Here, as set out above, only a claim for willful violation of the FCRA is at issue.5 The plaintiff is mistaken when he states that the defendant “has already been found willful” (doc. 76 at 2).6 The defendant's motion to dismiss was denied as to the willful violation claim because the plaintiff alleged sufficient facts in his complaint to state a claim under Rule 12(b)(6) (see doc. 39 at 6–7; doc. 44 at 1–2). On a summary judgment motion under Rule 56, the plaintiff must demonstrate that specific, material facts exist that give rise to a genuine issue. Celotex, 477 U.S. at 324. Under this standard, the existence of a mere scintilla of evidence in support of the plaintiff's position is insufficient to withstand the summary judgment motion. Anderson, 477 U.S. at 252. “To prove willfulness under the [FCRA, the plaintiff] must 'show that the defendant knowingly and intentionally committed an act in conscious disregard for the rights of the consumer.' ” Ausherman v. Bank of Am. Corp., 352 F.3d 896, 900 (4th Cir. 2003) (quoting Dalton v. Capital Associated Indus., 257 F.3d 409, 418 (4th Cir. 2001)). “[W]llful violations of [the] FCRA include violations committed in reckless disregard of a company's obligations under [the] FCRA.” Saunders v. Branch Banking and Trust Co. of VA, 526 F.3d 142, 151 n.4 (4th Cir. 2008) (citing Safeco Ins. Co. of America v. Burr, 551 U.S. 47, 56–60 (2007)).See also Lagrassa v. Jack Gaughen, LLC, C.A. No. 09–0770, 2011 WL 1257384, at *5 (M.D. Pa. Mar. 11, 2011) (stating that “a violation of the FCRA by itself does not amount to willful noncompliance with the FCRA ... the evidence submitted by [the defendant] supports a finding that there were procedures in place to ensure FCRA compliance, and that this incident was likely a mistake. Such an error, at best, amounts to negligence, not a knowing, intentional or reckless violation of the FCRA.”).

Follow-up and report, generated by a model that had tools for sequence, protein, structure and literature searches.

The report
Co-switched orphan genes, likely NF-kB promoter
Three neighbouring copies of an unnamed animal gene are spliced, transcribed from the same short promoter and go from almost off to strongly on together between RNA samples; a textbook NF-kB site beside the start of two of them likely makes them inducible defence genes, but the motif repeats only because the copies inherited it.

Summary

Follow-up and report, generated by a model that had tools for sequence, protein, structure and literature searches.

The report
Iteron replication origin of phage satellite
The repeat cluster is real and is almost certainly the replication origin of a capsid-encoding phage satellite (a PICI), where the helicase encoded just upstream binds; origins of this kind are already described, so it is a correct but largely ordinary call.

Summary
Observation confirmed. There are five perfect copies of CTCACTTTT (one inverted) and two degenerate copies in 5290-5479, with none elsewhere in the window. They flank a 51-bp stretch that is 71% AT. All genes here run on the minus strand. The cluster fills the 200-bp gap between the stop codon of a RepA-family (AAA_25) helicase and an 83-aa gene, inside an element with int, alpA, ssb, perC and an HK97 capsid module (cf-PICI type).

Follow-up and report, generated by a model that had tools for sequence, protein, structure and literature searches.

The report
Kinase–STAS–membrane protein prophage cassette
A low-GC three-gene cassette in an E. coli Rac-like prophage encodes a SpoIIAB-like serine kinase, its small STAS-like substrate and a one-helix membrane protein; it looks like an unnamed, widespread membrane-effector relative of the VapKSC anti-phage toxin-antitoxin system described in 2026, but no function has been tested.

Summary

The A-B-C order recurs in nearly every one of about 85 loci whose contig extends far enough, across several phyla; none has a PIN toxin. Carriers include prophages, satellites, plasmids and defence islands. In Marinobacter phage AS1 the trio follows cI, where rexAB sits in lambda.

*6 The evidence presented does not raise an issue of material fact as to whether the defendant committed a willful violation of the FCRA. First, the affidavits of Ms. Stone and the defendant establish that Ms. Stone ran the background check rather than the defendant. The only relevant evidence submitted by the plaintiff is the letter to the plaintiff from Resident Research, which states that the defendant “ordered the basic package of credit, criminal and eviction report” on the plaintiff (doc. 76–1 at 4). However, the defendant's undisputed evidence shows that Ms. Stone used the defendant's account with Resident Research to run the background check (doc. 70–8, def. aff. ¶ 10; doc. 70–7, Stone aff. ¶ 7). Second, the evidence before the court is that when Ms. Stone, who was newly employed at Magnolia, ran the background check, she did so out of fear. The evidence is also undisputed that Ms. Stone was unaware of the legal precautions required. The plaintiff has presented no evidence that the defendant – or any of his employees – obtained the consumer report in an effort to get back at the plaintiff for writing a negative review on thumbtack.com, as the plaintiff alleged in his complaint (see doc. 1 at 3). The evidence before the court supports a finding that the defendant has procedures in place to ensure FCRA compliance. The defendant has all of his tenants sign a consent form in order for him to run a credit check (doc. 70–8, def. aff. ¶ 11; doc. 70–9 at 4), and the defendant personally signed the documentation provided by Resident Research that warns of the FCRA's requirements (doc. 70–10). This incident – at best – amounts to negligence on the defendant's part in failing to properly inform Ms. Stone of the legal parameters involved in obtaining a consumer report, and not a knowing, intentional, or reckless violation of the FCRA. See Lagrassa, 2011 WL 1257384, at *5. As the plaintiff has failed to produce any evidence whatsoever of the defendant's willful violation of the FCRA, summary judgment is appropriate. See Ausherman, 352 F.3d at 900.